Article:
Swollen Testicles: Causes, Treatment, When to See a Doctor

Testicles produce testosterone and sperm. Despite their important function, testicles endure a lot and are prone to several problems, such as swelling. 

Testicular or scrotal swelling is an enlargement of the scrotal sac i.e. a man’s scrotum. This uncomfortable condition can occur due to injury or some medical problem or it can be acute scrotum injury. 

Swelling can be painless or very painful. If you have a swollen testicle see a doctor, make sure that you have proper care and treatment. Scroll down to learn more about testicular swelling. 

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Swollen testicle symptoms

Problems with testicles manifest themselves through uncomfortable symptoms that affect a man’s quality of life. Sometimes symptoms affect only one testicle e.g. right testicle, but in some cases, both testes are affected.

The most common symptoms of a swollen testicle includes:

  • Painful swelling or a testicular lump 
  • Mild, moderate, or severe testicular pain 
  • Pain in pelvis and groin areas, lower back, and abdomen 
  • Feeling pressure or heaviness in scrotum/groin 
  • Tenderness, heat, or redness of the testicle or scrotum
  • Veins on the scrotal skin are visibly enlarged
  • Chills and fever
  • Lymph nodes in the groin area are enlarged
  • Nausea or vomiting
  • Painful urination
  • Pain with sexual intercourse or with ejaculation,
  • Blood in the urine or semen

In a nutshell, the symptom you experience depends on the extent of swelling. Testicle pain is not the same for everyone. Some have mild pain, whereas other men have moderate or severe pain.


Enlarged testicles can occur due to several conditions and other problems. It is not a standalone disease but more of a symptom of other conditions or injuries. We’re talking about the acquired problems in men without undescended testicle problems. 

Hydroceles and hernias are among the most common causes of painful scrotal swelling. A hydrocele is defined as a collection of fluid that can accumulate around the testicle. Since hydroceles sometimes occur in early development, some men have this condition at birth. And it can occur later in life due to injury or infection. In some cases, men develop hydroceles for no apparent reason i.e. the cause is unknown.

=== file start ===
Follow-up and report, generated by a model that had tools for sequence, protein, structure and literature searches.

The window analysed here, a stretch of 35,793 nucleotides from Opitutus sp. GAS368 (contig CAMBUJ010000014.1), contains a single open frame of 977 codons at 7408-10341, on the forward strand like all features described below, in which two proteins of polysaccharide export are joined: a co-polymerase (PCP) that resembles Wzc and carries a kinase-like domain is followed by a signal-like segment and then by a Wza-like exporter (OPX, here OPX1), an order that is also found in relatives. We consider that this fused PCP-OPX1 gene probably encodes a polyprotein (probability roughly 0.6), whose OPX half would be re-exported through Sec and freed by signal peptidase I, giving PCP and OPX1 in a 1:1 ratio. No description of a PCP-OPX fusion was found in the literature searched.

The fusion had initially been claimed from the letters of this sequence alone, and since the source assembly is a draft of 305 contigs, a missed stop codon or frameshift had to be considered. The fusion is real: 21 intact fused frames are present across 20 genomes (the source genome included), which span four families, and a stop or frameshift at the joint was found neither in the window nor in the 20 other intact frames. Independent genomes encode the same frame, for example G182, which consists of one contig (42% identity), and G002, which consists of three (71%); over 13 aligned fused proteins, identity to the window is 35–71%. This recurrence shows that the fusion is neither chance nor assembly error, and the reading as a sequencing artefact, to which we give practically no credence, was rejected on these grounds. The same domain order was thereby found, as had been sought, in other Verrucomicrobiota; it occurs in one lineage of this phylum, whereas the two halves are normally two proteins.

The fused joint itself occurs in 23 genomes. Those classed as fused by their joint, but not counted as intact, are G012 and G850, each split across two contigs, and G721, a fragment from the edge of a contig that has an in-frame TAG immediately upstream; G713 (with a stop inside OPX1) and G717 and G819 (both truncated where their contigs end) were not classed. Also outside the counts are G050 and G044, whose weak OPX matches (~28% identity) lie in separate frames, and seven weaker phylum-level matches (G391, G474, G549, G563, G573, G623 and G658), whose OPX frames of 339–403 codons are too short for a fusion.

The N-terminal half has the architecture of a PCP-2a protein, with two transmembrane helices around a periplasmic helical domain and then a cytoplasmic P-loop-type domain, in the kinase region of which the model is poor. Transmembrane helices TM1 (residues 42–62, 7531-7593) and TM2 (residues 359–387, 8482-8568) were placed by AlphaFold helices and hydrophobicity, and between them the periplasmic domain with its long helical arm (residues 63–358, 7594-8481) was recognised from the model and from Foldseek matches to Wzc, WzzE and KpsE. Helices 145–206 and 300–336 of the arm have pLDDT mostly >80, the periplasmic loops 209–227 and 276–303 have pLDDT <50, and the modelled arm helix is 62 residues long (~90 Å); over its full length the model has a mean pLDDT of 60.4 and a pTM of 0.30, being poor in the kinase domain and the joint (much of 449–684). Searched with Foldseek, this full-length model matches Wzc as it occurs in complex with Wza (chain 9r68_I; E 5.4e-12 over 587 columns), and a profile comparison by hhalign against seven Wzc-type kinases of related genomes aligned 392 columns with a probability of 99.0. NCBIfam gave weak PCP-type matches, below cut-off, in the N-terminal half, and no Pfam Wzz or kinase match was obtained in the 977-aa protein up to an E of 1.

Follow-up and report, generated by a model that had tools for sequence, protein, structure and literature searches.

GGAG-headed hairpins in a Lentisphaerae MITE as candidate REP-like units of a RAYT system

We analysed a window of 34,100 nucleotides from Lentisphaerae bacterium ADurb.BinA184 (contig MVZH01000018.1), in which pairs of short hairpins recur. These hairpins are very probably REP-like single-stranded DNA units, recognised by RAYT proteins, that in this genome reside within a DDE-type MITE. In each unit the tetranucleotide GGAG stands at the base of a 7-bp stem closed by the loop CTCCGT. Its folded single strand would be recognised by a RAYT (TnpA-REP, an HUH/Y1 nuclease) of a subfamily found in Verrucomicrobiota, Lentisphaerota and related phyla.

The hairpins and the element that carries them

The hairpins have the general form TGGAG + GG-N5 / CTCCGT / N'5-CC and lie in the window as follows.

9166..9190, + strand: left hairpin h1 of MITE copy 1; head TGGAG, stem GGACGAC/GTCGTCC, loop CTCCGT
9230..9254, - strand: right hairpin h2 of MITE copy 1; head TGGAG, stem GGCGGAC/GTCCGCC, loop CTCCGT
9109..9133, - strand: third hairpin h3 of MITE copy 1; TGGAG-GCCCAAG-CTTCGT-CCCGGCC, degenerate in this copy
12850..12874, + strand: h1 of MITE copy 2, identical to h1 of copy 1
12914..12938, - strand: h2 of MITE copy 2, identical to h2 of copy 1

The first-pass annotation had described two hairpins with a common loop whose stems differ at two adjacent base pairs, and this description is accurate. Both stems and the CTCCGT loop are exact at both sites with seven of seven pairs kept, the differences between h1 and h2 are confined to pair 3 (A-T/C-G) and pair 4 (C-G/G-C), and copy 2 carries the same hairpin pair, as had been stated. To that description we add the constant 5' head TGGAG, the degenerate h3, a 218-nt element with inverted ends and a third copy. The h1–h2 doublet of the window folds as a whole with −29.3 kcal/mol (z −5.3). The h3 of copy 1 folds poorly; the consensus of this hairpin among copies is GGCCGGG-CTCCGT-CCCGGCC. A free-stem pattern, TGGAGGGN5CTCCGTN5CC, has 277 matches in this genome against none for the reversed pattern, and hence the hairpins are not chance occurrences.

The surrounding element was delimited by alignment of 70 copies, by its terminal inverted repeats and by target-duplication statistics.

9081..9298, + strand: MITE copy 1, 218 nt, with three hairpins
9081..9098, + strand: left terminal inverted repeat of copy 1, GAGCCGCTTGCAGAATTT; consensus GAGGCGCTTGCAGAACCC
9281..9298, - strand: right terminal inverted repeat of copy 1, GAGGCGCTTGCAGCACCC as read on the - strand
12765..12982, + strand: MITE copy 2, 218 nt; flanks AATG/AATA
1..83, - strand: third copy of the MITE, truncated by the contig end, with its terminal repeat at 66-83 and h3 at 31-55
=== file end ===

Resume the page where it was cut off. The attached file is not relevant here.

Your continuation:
On the other hand, an inguinal hernia occurs when the intestines push through a tear or weak spot in the abdominal wall in the inguinal canal, which is in the groin. The condition can be congenital or acquired, and it is more prevalent in men. The main symptom of a hernia is swelling. Men who develop a hernia in adulthood usually have weakness in the groin area that makes their bowels drop down. Obesity, straining during lifting and bowel movements, increases the risk of hernia. 

Other causes

Testicular swelling can also occur due to the following causes:

  • Cysts (small collections of fluid, similar to the pimple) e.g. epididymal cyst
  • Injury or testicular trauma or  to the groin e.g. due to sports, straddle injuries, car accidents 
  • Scrotal pain and groin pain
  • Testicular torsion (an emergency, occurs when a testicle twists inside the scrotum), especially with testicular appendage 
  • Epididymitis or inflammation of epididymis, especially chronic epididymitis that may occur due to STI and urinary tract infection 
  • Allergies such as contact allergy and systemic allergy 
  • Edema or fluid retention due to congestive heart failure
  • Orchitis (inflammation of one or both testicles)
  • Tumors and testicular cancer, on rare occasions 
  • Bacterial infection
  • Varicocele (swollen collection of veins in the scrotum)

Risk factors

Generally speaking, every man can develop testicular swelling. However, some people are at a higher risk than others. 

Factors that increase the risk of swelling in the testes include:

  • Unprotected sex
  • Overweight/obesity 
  • Chronic cough or chronic constipation with subsequent straining